I know a successful novelist who had a demanding full-time job but wrote her first three books in coffee shops, working for two hours every Saturday and Sunday morning, while her partner looked after the kids. It wasn’t ideal, but it paved the way for her to eventually quit that job to write full-time.
I write well in the mornings, so that’s what I do. Every day, from 8am-9am. Before breakfast, before I even get dressed sometimes. And definitely before giving my time to anything or anyone else. Even if I don’t get back to the page later, knowing I’ve done that hour leaves me at peace for the rest of the day.
Only you can do this: no one will clear the space for you. But it will make the difference between moving forward, and feeling like you’re stuck on an endlessly revolving hamster wheel, running but getting nowhere.
3. Choose one thing
As creatives, we tend to have a lot of ideas. and they’re all exciting. We go off on tangents. We get distracted by the latest new and shiny object. Or we’re juggling several projects at once, and never bringing any of them to completion. Especially when they’re competing with the day to day demands of work and life, friends and family.
Painful though it is, we need to choose one big creative project at a time, and give it our full focus until it’s finished. Then we can choose another.
You’ll get more done that way. You’ll have the satisfaction — and momentum — of completing.
4. Love vs Money
We all need to earn money somehow, whether that's in a day job or more commercial work. But we also have creative projects that are more speculative, that might not immediately increase our bank balance. We need those projects, to grow and learn. To have fun. And to express your unique talents and voice.
Obviously, at some point we hope to reach that sweet spot where we’re paid well to make the work we love. But in the meantime, we need to make space for both. It can help to decide which kind of work you’re doing, and when. Money work you do to the best of your ability in the time available. But you always make room for the love projects, too. That balance is crucial.
5. Get clear on how long tasks really take.
Tracking your time is tedious, but it’s also eye-opening. Try keeping a record of what you’ve been doing, in 30-minute increments, for a week or even a month.
Be honest. This is to help you understand where your time actually goes. Record the time you spend procrastinating (and how), staring into space, scrolling on social media. This is telling you when you’ve lost focus, when taking a break might be more helpful than pushing on through. Also watch out for those points in the day when you’re so weary you lose the ability to decide what’s important, and start doing busy work, just to feel productive.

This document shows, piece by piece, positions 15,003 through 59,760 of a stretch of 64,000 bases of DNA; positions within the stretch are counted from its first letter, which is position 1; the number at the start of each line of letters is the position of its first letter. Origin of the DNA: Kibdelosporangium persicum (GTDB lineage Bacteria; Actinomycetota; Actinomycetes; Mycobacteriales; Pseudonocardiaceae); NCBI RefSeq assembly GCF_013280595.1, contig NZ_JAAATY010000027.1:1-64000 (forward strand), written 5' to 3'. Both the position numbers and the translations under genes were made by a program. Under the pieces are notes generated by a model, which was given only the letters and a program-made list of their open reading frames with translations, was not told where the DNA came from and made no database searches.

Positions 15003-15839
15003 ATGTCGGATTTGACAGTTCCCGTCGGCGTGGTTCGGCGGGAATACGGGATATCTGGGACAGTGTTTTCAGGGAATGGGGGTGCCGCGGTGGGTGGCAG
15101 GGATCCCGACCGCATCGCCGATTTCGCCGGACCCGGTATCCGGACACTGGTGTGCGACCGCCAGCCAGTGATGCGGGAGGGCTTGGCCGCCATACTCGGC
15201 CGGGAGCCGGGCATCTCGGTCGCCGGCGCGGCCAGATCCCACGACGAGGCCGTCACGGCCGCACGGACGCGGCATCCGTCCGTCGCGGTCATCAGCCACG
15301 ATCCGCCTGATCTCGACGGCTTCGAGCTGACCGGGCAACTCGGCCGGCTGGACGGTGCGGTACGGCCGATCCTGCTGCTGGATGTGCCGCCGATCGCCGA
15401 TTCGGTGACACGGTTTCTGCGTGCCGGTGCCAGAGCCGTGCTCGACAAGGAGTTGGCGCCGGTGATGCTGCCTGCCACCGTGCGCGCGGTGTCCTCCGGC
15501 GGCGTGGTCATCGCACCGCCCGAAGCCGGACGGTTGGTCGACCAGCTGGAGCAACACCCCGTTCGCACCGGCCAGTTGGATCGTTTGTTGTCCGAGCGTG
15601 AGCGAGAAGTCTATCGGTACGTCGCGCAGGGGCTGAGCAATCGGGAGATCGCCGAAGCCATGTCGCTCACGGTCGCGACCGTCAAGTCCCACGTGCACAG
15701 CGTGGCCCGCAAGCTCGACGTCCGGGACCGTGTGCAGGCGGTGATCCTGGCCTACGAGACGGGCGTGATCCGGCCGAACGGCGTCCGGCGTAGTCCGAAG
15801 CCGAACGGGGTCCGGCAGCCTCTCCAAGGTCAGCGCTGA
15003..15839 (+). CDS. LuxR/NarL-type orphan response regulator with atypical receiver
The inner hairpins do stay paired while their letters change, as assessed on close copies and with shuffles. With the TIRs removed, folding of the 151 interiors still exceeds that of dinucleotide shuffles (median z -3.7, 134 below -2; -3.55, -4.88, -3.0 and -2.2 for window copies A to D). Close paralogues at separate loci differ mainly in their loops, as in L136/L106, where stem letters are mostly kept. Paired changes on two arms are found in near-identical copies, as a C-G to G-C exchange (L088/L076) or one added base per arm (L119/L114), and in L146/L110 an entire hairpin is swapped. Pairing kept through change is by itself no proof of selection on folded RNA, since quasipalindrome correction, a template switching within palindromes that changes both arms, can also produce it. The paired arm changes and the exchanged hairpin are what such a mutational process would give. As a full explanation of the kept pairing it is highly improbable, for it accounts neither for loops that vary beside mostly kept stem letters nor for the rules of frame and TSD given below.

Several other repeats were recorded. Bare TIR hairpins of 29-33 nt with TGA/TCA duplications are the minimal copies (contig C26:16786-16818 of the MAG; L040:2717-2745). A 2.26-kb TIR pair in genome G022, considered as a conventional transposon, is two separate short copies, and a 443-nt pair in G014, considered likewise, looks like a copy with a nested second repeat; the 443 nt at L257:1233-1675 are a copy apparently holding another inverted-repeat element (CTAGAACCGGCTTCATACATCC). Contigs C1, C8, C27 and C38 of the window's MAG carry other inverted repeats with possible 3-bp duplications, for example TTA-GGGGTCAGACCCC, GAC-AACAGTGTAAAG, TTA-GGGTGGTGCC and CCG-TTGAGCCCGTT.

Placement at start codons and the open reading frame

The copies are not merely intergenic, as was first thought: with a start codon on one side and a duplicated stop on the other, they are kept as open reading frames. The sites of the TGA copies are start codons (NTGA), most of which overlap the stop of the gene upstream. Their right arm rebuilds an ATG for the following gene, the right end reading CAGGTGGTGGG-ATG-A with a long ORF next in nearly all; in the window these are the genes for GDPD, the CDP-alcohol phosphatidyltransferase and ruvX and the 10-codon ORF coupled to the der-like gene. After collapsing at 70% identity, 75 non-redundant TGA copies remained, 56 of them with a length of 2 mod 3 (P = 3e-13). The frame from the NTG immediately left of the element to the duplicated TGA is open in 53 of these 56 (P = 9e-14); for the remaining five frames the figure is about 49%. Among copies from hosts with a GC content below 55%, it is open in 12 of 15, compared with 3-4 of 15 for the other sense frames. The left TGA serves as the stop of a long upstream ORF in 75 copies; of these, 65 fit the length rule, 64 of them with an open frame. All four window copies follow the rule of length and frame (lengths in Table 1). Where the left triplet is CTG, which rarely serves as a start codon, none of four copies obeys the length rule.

It will help you become more aware of the tasks you dread doing, that you and put off for days. But which only take a few minutes to actually do. And the tasks you tell yourself should only take an hour — but which really take half a day.
6. Look for energy hangovers.
Some tasks are more demanding than others, and they leave you with energy hangovers. In a busy workplace, there tend to be natural breaks where you can work these off. Walking back to your office after a long meeting, for instance. Or having a chat with a colleague while you make a drink. And of course the commute to and from work is a huge signal to our busy minds that we’re moving from one headspace to another.
But if we work at home or alone in a studio or workshop, we still need to make space for recovery. If we don’t, we’ll find a way of doing it anyway — and it won’t be healthy.
After interviews, meetings or long coaching conversations, for instance, I realised I tend to pointlessly scroll on social media, start long replies to emails I’d usually ignore, and engage in all kinds of other time-wasting activities.
It took a while for me to realise that after such periods of intense concentration and social interaction, I need some space before moving to the next thing on my list. Now I go straight out for a walk to clear my head, or I do a short workout. When I come back to work, I’m able to focus agin. And I get on with what’s really important, instead of tangling myself up in trivia.
7. Don’t forget the admin!
Multi-tasking just doesn’t work. Every time you interrupt your creative work to look at an email, or interrupt your work to answer the phone, it takes a while to get back into flow.
So schedule in time to make phone calls, reply to email, check messages and alerts, and all the other admin tasks that tug at your attention. Batch them, and mute them in between.